Dive Rottnest Island! – new sites “The G Spot” and an exhilarating advanced site “the Plateau”
Why we’re so excited about finding these new sites for when you next join us to dive Rottnest Island!
Perth divers will be familiar with “Shark Cave” and the “Opera House” (aka the Nurse’s quarters). They’re spectacular sites where advanced Perth divers are lucky enough to reliably encounter Grey Nurse Sharks any time of year, all in a short boat ride from Fremantle.
The Grey Nurse Sharks can be observed sheltering under the protection of a limestone overhead structures, covered in gorgeous sponges, corals, and kelp. (Read our feature on diving with Grey Nurse Sharks here)
On a crew day to celebrate the end of season, Skipper Antoni decided to explore…
As soon as the crew reached the bottom, they were greeted by shelf like caverns, dropping down to a max depth of 17 meters, they began to explore peering in under the shelves which were only around a few meters from floor to ceiling, some stretching lengthwise over 10 meters before opening to let more light pour through from the surface.
Very quickly the crew realised they were not alone. The caverns were occupied by Grey Nurse Sharks, leisurely circling in the shadows.
This new Shark observation site is particularly exciting because of the location and depth. It is more sheltered from current than shark cave and, at less than 18 meters, is a much more relaxed, longer dive. It also means when the weather is no good for shark cave, there is another option to dive Rottnest Island and observe the GNS.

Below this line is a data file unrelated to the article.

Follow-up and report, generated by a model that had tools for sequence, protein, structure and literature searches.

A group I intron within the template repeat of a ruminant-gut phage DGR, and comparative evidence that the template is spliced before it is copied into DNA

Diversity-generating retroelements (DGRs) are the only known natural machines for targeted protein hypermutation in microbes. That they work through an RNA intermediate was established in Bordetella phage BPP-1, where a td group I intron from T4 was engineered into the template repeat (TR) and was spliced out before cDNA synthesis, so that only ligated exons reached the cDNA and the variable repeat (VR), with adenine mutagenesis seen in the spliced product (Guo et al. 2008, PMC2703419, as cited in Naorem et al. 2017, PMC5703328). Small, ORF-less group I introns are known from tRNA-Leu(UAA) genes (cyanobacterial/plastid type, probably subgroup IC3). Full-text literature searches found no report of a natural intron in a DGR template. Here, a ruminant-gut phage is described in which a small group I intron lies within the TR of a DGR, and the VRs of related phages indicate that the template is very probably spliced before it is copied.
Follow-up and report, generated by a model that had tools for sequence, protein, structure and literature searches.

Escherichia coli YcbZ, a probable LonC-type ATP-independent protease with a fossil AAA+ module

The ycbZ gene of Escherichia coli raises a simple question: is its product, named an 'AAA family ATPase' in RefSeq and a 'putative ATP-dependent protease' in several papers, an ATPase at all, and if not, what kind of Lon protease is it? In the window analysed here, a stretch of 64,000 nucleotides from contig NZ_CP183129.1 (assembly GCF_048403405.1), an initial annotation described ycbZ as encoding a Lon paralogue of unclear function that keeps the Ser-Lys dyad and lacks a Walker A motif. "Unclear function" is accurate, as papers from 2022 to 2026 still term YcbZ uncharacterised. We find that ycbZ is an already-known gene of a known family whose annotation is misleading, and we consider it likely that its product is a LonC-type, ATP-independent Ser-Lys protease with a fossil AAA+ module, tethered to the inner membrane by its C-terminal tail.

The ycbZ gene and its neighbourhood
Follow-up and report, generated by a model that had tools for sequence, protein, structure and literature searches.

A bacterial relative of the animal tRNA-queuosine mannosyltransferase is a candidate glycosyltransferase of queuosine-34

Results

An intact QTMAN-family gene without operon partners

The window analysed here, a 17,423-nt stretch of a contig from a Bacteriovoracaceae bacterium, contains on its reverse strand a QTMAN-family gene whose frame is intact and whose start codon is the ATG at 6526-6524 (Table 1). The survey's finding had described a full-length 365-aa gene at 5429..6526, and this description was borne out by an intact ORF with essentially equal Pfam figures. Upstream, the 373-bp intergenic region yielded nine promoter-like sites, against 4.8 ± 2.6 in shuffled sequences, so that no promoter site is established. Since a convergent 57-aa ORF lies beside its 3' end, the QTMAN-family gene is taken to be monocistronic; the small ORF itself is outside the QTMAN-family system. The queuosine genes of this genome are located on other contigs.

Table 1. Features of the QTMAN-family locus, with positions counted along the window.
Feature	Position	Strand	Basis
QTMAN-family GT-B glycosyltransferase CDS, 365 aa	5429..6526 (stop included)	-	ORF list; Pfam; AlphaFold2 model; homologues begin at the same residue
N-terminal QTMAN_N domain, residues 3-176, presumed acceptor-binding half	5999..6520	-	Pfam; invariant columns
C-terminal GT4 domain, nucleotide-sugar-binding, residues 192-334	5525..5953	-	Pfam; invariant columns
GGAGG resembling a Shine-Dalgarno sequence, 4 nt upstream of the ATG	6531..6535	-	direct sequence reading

Time will tell if the site is a regular favourite of the Grey Nurse Shark but initial signs are good. The below pictured shark recorded as F157 was reported at a near-by site in 2018. At the time it was spotted with fishing tackle attached to it’s mouth which was skilfully removed in 2018 by Paula (don’t try this at home kids).
Here you can see the before pictures from 2018 and the line recovered from Shark F157’s mouth.
Also introducing “the Plateau”
Advanced divers can rejoice too, dive two on the crew day saw the divers braving the current to descend pulling themselves down a line to 23 meters where un underwater mountain appeared. Covered in life the structure rose up to around 12 meters and featured several swim-throughs hiding crayfish and western blue devils. A GNS was spotted cruising past and the second group were greeted by a huge smooth Ray just before the end of their dive.
“This dive was a joy, the plateau structure provided shelter from the current and was effectively a wall dive. Navigation was easy, we circled the formation gradually, exploring the life and caverns that dotted the structure. I’d happily go back to explore the site again but wouldn’t recommend it for in-experienced divers”.
What are you waiting for? book a dive at Rottnest Island today! Or, book an advanced course to unlock beautiful new sites.